EITI—Beyond the Basics
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Since its launch in 2002, the of the Extractive Industries Transparency Initiative (EITI) has become an important platform for change, helping countries that adopt even its minimum requirements to build greater transparency and accountability. Implementing countries have taken very different approaches to adopting the initiative, allowing each nation to shape its own process according to its needs.
Revenue Watch is proud to introduce our new report, "EITI—Beyond the Basics" (pdf), which examines the best examples from several EITI implementing countries. The EITI was designed for robustness, but also for a flexibility that allows countries to tailor the effort to their circumstances.
Some countries have exceeded the minimum standards, for example by choosing to audit companies as part of their EITI programs, or by extending EITI to encompass companies involved in other sectors than oil, gas, and mining, or by publishing disaggregated EITI reports, which identify the contributions made by each operating company, instead of aggregating that information in reports that do not specify the source of particular payments.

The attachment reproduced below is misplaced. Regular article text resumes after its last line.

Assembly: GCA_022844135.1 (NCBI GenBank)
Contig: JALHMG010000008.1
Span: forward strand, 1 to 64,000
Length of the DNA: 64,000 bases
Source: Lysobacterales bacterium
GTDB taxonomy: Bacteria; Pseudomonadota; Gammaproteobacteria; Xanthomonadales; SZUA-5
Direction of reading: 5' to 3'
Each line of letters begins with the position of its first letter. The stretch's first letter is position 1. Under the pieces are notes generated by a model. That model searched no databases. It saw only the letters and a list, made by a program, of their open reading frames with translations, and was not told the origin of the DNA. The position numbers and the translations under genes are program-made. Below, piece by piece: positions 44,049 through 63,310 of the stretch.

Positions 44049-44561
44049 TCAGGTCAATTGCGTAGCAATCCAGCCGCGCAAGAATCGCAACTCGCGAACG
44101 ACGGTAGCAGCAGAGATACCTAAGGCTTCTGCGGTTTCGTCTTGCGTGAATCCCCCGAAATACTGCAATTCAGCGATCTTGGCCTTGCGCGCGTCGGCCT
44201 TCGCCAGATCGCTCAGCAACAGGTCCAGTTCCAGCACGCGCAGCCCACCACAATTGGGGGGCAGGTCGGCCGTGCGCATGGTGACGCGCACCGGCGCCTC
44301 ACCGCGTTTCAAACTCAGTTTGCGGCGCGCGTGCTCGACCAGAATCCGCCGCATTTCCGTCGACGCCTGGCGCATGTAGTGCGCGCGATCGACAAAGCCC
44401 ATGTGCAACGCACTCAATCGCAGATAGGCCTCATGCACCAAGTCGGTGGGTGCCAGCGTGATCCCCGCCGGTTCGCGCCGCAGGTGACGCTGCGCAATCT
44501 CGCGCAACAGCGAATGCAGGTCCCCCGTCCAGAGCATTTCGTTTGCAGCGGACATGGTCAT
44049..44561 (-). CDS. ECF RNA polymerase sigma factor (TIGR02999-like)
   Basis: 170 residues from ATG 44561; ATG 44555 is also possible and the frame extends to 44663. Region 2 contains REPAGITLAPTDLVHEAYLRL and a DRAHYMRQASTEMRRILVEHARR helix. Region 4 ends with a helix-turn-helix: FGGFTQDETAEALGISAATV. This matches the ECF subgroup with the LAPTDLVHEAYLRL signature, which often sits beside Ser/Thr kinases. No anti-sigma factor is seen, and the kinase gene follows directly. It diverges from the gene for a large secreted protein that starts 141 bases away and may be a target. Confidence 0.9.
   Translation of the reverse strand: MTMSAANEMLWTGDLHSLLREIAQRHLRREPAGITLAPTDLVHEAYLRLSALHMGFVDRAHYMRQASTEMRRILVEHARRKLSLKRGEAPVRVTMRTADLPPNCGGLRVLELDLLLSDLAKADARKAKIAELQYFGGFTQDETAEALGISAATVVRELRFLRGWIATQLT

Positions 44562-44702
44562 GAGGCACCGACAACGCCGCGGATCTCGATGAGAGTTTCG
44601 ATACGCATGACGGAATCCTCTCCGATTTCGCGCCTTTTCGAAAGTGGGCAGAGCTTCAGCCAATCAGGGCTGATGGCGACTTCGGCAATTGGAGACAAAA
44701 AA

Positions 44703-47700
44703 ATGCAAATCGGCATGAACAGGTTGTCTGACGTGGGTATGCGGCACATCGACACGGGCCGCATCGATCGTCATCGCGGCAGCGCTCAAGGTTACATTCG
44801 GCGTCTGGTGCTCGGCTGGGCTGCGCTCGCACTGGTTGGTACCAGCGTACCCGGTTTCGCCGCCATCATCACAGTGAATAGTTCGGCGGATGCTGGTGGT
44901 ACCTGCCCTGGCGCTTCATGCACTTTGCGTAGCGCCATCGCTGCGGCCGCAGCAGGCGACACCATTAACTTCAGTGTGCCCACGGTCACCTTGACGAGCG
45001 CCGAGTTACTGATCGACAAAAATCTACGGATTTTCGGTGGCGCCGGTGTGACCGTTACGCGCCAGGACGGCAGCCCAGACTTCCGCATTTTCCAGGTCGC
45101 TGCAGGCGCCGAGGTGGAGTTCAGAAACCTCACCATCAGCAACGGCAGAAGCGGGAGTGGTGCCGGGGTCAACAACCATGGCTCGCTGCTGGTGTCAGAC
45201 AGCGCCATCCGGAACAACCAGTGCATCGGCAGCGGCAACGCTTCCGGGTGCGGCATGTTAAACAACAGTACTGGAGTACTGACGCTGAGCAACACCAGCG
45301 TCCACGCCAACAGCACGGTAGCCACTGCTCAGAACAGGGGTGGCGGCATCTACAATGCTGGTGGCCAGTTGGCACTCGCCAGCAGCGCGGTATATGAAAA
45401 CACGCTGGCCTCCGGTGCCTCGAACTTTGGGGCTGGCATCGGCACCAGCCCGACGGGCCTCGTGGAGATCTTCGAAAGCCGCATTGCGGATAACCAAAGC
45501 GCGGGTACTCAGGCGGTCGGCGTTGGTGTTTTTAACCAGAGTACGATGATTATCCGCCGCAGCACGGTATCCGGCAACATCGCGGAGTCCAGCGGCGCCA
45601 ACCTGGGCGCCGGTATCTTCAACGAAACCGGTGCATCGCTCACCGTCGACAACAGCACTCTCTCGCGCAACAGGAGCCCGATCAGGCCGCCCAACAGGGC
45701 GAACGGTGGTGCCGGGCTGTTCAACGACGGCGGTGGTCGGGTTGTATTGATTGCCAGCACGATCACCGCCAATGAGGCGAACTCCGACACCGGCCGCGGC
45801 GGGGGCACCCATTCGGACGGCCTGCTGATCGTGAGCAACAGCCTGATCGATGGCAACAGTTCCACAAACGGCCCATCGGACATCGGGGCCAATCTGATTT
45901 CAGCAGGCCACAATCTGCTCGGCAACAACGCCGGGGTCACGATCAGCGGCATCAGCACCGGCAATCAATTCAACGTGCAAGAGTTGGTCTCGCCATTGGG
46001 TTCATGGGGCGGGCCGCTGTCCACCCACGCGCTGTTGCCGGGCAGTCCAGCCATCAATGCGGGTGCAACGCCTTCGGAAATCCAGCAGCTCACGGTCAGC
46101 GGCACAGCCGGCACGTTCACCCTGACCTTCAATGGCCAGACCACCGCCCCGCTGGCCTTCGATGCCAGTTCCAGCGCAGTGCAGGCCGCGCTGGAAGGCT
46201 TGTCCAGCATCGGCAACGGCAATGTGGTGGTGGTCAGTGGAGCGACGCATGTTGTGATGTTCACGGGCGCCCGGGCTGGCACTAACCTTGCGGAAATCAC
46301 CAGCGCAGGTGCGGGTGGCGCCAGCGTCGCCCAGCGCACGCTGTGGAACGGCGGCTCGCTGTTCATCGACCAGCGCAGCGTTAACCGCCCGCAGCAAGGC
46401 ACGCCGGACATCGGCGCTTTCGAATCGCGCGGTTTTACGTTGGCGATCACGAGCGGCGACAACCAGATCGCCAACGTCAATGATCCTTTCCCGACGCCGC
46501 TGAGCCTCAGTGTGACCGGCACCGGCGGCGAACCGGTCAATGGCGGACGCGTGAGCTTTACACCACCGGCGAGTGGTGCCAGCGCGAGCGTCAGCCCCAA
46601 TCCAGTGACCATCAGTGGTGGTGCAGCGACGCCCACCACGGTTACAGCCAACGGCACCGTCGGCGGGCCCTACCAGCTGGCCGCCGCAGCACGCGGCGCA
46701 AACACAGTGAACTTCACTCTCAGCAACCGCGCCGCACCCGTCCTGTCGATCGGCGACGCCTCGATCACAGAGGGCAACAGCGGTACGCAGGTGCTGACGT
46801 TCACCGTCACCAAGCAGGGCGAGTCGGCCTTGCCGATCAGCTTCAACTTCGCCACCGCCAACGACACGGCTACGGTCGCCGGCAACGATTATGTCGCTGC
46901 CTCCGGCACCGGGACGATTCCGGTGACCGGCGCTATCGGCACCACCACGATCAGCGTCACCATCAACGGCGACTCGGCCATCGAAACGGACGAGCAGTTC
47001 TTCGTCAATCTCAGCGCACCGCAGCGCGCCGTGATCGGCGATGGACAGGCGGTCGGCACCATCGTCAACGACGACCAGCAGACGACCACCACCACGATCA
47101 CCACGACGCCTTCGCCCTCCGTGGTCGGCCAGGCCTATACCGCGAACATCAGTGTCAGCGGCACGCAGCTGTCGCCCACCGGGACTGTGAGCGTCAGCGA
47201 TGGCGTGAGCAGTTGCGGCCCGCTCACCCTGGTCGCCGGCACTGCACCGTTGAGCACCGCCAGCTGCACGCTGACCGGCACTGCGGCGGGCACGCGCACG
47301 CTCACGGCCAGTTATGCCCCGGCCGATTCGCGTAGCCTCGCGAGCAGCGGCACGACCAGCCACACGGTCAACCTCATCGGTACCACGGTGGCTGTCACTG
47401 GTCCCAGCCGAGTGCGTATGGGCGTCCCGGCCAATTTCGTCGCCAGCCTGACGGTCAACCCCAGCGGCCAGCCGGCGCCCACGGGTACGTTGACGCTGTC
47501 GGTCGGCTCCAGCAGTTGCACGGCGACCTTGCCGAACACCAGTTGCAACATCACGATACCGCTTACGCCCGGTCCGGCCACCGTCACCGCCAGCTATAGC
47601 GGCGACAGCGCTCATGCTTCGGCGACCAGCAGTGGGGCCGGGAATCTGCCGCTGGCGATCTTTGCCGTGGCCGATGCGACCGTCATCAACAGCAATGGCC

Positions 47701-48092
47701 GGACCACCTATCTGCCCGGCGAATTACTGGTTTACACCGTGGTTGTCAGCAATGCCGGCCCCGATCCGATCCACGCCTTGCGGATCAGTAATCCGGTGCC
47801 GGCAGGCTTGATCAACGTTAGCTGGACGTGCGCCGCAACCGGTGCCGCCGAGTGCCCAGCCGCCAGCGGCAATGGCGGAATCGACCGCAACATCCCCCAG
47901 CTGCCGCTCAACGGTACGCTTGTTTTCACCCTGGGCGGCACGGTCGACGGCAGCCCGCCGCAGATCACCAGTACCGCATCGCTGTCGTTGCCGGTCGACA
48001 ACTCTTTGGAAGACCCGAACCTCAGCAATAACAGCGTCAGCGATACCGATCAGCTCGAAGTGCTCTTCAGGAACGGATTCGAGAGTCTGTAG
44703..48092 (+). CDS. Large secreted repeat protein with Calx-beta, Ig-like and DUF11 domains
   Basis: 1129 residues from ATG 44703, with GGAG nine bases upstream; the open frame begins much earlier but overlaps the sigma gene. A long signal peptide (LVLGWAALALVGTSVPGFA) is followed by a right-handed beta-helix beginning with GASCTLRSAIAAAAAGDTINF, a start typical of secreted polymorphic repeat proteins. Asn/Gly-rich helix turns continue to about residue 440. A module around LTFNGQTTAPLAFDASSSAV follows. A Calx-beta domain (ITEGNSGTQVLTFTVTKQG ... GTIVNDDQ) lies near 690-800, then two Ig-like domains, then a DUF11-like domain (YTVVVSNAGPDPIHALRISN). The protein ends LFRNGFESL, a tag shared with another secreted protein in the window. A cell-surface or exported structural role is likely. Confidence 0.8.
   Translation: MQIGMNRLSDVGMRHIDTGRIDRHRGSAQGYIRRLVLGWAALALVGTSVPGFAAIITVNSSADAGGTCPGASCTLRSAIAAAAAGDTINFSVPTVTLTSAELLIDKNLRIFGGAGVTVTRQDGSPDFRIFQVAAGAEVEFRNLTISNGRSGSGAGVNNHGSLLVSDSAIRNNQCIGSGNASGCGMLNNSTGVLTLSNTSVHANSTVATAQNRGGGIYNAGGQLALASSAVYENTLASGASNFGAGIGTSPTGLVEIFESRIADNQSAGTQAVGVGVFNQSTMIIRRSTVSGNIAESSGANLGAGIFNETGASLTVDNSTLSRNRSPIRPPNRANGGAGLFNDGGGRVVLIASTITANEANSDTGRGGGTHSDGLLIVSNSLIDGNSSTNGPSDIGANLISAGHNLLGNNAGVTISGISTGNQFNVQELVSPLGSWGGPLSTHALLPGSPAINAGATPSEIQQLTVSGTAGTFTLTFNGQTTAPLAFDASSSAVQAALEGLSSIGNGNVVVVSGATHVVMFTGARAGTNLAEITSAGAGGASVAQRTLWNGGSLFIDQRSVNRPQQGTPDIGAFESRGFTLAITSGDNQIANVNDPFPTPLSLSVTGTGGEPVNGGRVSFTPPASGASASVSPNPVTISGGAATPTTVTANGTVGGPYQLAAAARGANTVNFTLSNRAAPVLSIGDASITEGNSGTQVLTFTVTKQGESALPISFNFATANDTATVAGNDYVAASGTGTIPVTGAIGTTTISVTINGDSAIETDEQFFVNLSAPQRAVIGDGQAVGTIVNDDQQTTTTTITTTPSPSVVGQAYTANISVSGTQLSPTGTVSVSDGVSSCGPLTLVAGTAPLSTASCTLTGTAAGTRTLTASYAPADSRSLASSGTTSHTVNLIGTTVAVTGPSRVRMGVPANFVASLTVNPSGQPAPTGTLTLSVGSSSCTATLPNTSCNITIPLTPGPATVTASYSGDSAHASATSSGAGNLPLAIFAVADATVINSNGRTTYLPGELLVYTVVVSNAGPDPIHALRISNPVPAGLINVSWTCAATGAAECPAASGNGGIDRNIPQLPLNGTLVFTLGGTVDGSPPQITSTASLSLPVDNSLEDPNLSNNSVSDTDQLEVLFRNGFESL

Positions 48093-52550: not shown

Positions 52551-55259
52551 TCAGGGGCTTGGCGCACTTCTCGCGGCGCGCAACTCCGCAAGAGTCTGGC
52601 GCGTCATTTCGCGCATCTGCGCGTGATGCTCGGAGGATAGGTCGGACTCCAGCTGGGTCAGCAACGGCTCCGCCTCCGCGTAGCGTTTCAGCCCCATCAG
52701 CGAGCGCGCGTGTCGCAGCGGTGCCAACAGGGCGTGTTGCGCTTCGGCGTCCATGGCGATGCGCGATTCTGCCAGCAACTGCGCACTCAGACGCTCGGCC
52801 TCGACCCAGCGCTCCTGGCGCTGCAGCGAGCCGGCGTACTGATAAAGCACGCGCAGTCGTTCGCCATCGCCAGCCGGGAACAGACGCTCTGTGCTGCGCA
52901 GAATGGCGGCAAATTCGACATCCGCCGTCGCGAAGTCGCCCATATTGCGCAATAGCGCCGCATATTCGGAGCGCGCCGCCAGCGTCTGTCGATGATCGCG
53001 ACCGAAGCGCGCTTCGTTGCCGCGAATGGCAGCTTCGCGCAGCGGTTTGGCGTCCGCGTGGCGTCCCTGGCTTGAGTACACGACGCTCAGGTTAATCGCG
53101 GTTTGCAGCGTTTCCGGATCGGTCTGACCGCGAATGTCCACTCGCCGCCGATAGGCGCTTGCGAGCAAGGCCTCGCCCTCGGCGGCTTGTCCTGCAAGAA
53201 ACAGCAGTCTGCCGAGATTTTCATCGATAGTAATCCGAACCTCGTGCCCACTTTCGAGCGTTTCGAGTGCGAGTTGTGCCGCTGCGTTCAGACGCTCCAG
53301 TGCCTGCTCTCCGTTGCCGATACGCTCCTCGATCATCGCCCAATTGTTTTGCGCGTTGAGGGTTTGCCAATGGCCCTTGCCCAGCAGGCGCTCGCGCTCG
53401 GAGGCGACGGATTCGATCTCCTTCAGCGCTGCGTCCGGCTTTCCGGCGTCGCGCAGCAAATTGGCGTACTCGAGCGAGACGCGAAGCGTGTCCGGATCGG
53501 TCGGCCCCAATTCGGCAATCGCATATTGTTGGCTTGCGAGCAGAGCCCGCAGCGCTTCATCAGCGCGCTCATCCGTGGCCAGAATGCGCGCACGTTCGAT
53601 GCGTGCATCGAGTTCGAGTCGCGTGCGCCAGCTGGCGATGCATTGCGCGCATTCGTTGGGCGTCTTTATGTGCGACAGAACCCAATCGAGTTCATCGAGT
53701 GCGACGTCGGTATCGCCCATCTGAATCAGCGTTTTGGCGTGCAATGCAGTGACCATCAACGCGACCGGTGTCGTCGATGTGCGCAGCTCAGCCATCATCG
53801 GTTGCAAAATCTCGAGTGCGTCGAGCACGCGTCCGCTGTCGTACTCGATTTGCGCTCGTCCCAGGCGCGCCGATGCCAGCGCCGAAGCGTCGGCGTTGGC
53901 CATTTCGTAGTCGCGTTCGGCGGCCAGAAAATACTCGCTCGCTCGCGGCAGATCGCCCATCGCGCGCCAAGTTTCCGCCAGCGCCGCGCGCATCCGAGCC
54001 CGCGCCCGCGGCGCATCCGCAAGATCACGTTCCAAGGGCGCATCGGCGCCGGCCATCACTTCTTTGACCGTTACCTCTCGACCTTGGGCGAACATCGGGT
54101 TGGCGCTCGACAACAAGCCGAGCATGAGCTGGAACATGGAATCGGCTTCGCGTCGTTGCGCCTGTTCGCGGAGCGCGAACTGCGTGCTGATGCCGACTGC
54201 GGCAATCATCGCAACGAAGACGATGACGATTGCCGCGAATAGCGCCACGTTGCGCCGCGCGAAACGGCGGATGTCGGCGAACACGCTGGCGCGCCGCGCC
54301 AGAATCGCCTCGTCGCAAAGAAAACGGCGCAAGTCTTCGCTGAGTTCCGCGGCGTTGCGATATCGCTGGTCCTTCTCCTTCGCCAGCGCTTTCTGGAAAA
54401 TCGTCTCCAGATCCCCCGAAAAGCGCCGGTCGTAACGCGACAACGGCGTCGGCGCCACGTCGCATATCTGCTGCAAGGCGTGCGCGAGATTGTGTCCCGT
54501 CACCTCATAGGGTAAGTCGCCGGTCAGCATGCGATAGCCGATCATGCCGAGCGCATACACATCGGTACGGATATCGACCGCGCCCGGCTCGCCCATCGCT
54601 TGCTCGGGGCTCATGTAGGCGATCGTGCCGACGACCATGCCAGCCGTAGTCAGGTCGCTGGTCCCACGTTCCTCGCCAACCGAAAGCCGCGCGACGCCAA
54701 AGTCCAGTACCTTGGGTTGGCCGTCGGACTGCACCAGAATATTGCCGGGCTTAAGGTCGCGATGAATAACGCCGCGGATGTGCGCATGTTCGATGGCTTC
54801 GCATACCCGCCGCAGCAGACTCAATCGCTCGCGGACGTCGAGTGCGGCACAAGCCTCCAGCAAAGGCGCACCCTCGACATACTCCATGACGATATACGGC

The report was written by veteran EITI advocate Sefton Darby, who has partnered with numerous implementing countries working to determine how best to meet EITI requirements and adapt them to specific national needs. Darby has been part of the EITI journey from its earliest days. Revenue Watch Deputy Director Julie McCarthy explained that "RWI wholeheartedly supports countries going above and beyond the basic requirements of the initiative, recognizing that the EITI's minimum criteria are not an end, but a starting point for improving extractive sector governance."